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Abstract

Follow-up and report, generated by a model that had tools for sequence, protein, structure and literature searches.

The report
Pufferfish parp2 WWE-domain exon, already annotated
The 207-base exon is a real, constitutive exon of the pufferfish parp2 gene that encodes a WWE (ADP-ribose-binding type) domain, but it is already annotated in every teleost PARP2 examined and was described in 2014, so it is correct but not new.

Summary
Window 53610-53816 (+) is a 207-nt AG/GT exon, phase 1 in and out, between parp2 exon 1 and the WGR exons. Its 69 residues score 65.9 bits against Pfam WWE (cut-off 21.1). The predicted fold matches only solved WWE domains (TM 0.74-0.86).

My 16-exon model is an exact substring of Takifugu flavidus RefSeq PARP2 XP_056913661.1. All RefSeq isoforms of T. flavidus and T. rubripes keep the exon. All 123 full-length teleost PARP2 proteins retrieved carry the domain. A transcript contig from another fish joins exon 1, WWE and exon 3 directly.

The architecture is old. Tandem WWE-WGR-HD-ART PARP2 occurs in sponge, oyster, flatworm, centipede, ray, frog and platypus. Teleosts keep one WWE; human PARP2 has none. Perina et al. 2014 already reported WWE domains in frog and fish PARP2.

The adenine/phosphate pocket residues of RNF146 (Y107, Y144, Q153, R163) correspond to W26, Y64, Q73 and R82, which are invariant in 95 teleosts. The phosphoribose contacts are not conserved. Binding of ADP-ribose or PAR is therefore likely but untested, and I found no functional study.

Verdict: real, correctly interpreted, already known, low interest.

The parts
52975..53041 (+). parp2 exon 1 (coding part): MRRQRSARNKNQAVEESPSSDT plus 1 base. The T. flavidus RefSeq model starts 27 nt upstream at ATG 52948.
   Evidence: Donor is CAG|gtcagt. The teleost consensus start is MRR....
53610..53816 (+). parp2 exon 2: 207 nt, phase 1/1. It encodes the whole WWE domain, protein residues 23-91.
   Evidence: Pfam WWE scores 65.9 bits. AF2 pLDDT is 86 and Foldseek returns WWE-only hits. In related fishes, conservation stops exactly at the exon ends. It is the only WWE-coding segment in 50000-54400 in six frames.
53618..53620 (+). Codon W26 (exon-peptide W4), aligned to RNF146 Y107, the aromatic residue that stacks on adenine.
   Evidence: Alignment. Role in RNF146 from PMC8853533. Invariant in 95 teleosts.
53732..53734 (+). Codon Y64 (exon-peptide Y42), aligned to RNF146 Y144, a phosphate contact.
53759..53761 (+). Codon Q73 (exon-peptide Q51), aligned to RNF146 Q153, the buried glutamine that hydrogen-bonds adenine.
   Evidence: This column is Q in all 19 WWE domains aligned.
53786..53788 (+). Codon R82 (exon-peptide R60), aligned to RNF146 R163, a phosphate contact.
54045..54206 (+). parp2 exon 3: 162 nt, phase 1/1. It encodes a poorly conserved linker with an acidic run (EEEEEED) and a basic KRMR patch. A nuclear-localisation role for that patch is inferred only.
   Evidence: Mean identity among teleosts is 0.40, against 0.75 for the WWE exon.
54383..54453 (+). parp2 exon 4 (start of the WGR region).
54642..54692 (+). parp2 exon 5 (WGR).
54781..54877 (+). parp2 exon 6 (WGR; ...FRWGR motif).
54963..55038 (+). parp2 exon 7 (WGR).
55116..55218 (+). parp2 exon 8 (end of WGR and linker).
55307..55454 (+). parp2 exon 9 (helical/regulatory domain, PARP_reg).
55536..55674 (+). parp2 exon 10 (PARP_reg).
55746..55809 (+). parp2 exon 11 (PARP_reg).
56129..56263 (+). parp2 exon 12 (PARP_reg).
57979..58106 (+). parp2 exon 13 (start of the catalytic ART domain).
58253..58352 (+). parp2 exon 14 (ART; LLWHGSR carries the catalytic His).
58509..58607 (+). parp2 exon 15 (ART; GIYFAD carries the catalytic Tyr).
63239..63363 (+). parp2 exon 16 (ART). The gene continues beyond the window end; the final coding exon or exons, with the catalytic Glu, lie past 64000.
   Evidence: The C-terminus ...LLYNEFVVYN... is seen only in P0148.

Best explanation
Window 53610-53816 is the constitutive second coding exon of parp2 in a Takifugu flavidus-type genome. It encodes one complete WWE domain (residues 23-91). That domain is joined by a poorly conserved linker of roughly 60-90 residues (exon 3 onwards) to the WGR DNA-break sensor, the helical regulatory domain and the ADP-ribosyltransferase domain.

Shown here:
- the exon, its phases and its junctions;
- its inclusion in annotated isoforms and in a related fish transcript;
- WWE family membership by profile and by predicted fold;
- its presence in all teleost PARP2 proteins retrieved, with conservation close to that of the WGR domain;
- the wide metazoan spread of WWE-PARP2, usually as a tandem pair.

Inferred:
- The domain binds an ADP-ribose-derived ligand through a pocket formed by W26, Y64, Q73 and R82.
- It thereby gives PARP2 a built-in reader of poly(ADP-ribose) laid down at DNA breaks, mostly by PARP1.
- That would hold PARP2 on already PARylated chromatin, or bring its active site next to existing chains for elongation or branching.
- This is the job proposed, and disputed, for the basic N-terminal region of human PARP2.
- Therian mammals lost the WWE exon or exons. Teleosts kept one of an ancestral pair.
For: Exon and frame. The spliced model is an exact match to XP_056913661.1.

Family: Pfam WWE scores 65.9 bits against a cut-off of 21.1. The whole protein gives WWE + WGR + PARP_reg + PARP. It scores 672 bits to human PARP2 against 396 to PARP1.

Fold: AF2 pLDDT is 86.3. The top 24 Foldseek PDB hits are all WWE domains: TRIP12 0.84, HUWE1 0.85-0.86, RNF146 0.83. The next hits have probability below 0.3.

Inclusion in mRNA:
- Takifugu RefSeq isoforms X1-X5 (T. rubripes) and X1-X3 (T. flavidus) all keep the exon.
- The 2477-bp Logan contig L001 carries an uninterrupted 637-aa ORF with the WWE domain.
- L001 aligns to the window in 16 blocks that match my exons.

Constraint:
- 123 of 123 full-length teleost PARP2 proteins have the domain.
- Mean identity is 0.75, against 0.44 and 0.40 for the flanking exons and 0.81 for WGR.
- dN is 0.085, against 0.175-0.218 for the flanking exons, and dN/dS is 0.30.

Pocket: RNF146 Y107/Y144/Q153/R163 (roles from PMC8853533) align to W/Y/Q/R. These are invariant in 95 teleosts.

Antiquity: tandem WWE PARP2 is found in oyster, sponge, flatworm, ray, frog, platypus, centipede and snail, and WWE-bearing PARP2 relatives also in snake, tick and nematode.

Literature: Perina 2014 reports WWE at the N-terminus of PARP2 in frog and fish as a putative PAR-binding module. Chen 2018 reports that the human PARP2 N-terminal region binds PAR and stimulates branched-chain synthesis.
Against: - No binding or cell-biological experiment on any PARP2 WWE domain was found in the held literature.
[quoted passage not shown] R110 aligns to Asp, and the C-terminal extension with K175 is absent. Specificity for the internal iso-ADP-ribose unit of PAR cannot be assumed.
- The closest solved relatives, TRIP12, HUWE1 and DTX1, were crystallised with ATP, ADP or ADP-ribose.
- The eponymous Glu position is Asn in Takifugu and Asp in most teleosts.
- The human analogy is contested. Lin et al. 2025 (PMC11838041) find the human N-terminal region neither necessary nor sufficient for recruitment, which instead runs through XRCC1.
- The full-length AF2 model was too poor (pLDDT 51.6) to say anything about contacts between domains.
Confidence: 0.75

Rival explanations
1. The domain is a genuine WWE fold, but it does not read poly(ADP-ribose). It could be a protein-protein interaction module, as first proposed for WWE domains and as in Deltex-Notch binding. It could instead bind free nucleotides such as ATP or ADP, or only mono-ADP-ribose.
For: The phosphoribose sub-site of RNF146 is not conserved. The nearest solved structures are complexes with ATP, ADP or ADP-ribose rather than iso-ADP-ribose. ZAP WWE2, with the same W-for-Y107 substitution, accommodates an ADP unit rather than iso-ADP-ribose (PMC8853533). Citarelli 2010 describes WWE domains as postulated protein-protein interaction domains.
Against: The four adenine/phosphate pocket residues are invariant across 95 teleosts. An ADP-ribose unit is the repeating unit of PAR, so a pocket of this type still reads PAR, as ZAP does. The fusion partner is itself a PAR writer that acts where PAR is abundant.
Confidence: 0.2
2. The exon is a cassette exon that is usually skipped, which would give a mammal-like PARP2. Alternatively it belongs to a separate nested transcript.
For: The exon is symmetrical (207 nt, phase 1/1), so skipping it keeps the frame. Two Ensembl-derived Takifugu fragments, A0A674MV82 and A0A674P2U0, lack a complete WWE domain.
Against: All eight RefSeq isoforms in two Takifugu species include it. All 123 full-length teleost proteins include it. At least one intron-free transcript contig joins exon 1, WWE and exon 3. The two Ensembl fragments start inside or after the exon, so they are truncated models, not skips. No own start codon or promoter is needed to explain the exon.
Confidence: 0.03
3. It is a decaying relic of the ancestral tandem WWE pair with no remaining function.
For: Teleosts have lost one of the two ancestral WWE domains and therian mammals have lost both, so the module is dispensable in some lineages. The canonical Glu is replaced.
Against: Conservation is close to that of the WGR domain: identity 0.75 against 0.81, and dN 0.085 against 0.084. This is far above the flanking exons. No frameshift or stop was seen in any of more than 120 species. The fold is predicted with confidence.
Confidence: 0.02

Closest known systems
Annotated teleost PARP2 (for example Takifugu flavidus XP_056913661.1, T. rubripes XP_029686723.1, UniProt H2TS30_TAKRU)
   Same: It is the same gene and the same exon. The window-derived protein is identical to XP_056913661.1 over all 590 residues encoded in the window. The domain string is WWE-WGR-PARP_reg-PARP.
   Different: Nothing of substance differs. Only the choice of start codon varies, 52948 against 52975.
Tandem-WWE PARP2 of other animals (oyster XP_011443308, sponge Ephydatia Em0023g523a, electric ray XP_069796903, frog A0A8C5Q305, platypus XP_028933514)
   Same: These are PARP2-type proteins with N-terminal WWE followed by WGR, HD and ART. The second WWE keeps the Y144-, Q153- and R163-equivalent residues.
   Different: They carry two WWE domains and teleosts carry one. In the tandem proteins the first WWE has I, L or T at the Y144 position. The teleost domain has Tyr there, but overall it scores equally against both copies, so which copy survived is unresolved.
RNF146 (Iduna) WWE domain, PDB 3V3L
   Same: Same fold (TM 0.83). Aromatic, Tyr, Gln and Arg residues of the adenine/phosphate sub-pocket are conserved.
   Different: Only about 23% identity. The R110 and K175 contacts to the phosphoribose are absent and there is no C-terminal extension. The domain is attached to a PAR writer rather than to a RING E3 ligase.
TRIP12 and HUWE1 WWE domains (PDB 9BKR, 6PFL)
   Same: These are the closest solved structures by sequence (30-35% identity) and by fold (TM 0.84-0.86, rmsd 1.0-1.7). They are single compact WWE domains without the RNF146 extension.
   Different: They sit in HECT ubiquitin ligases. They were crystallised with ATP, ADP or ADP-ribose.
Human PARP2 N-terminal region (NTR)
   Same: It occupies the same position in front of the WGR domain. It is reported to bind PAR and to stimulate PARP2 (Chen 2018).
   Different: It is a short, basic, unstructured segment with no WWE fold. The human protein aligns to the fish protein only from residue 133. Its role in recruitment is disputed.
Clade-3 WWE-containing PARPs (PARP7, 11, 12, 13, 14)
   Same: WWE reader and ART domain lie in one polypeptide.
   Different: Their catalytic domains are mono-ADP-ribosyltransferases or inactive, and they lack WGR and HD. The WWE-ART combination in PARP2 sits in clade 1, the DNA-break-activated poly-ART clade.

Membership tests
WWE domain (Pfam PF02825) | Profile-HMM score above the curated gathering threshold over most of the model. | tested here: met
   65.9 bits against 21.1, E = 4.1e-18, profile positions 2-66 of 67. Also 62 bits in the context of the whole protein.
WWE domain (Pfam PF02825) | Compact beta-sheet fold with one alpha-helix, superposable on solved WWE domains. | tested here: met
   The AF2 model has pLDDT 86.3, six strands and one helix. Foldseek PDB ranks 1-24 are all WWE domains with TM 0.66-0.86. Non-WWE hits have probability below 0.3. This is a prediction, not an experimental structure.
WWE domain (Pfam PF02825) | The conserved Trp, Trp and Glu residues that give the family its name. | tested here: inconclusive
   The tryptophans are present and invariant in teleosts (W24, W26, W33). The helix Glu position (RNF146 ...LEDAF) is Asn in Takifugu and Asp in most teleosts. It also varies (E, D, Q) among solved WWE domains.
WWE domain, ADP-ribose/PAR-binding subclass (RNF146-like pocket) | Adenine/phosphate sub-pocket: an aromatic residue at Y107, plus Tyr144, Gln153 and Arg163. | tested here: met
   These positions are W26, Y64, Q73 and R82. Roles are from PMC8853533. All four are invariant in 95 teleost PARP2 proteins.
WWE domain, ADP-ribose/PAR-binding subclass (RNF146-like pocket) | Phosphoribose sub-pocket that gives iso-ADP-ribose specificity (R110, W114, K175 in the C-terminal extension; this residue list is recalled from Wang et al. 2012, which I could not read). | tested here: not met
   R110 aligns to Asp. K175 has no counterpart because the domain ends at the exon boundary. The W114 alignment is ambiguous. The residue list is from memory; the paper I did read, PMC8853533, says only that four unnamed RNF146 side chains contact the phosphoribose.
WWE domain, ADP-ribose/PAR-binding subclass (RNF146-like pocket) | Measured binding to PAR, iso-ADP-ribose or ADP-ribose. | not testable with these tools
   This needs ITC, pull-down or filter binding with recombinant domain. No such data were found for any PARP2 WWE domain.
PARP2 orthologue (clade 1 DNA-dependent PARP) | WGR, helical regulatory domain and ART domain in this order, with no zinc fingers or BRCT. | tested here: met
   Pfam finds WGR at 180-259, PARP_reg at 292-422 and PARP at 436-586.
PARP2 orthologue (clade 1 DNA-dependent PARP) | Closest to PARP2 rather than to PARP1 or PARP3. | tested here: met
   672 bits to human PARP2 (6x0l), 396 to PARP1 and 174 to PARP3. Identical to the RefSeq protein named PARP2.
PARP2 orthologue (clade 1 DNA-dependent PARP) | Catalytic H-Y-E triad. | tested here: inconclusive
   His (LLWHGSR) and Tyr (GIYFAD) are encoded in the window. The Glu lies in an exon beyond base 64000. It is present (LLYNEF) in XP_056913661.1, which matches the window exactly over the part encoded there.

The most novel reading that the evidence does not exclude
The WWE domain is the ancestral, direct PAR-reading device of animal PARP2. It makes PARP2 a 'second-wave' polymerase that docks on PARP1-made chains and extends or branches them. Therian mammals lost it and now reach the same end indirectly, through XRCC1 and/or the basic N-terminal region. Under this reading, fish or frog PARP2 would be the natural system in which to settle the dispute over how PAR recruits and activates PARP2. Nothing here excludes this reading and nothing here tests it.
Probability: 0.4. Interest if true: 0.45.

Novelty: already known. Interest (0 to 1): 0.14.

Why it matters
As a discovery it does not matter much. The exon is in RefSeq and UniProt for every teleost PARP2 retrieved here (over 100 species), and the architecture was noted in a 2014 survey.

Merger enforcement today relies on settlements more than litigation to resolve anticompetitive concerns. The impact of settlement policy on welfare and the proper goals of settlement policy are highly controversial. Some argue that gun–shy agencies settle for too little, while others argue that agencies use their power to delay to extract overreaching settlement terms, even when mergers are not welfare reducing. This Article uses decision theory to throw light on this controversy. The goal of this Article is to formulate and analyze agency merger enforcement and settlement commitment policies in the face of imperfect information, litigation costs, and delay risks by the merging parties, agencies, and the courts. The Article explains why limiting the goal of merger enforcement and agency settlement policy simply to avoid welfare harms, but nothing more, is flawed as a matter of both law and policy and would compromise deterrence. The decision–theoretic analysis distinguishes two types of agency commitment policies: a short–run optimal policy that focuses only the specific merger proposal being evaluated and a long–run optimal policy that takes into account effects on future mergers and deterrence goals. The short–run optimal policy may lead to some welfare–reducing settlements by a rationally gun–shy agency; settlement demands for weakly welfare-enhancing merger proposals, what might be called “exacting tribute”; and “anti–deterrence” effects by merging firms proposing some mergers with greater welfare harm in order to increase settlement bargaining leverage. In contrast, a disciplined long–run optimal policy would clear all welfare–enhancing mergers as proposed; forgo negative welfare settlements despite the risk of losing in court, but instead demand settlements on welfare–reducing merger proposals sufficient to lead to strict welfare increases (not just welfare neutrality), relative to no merger; and avoid anti–deterrence by demanding larger settlements for more harmful mergers. While these latter provisions might be controversial as a political matter, they support deterrence. Demanding only welfare–neutral settlements would lead to under–deterrence. Deterrence also would be improved if last–minute voluntary divestiture agreements were not treated as part of the merger agreement evaluated by the court, contrary to the approach taken in Arch Coal and other cases.

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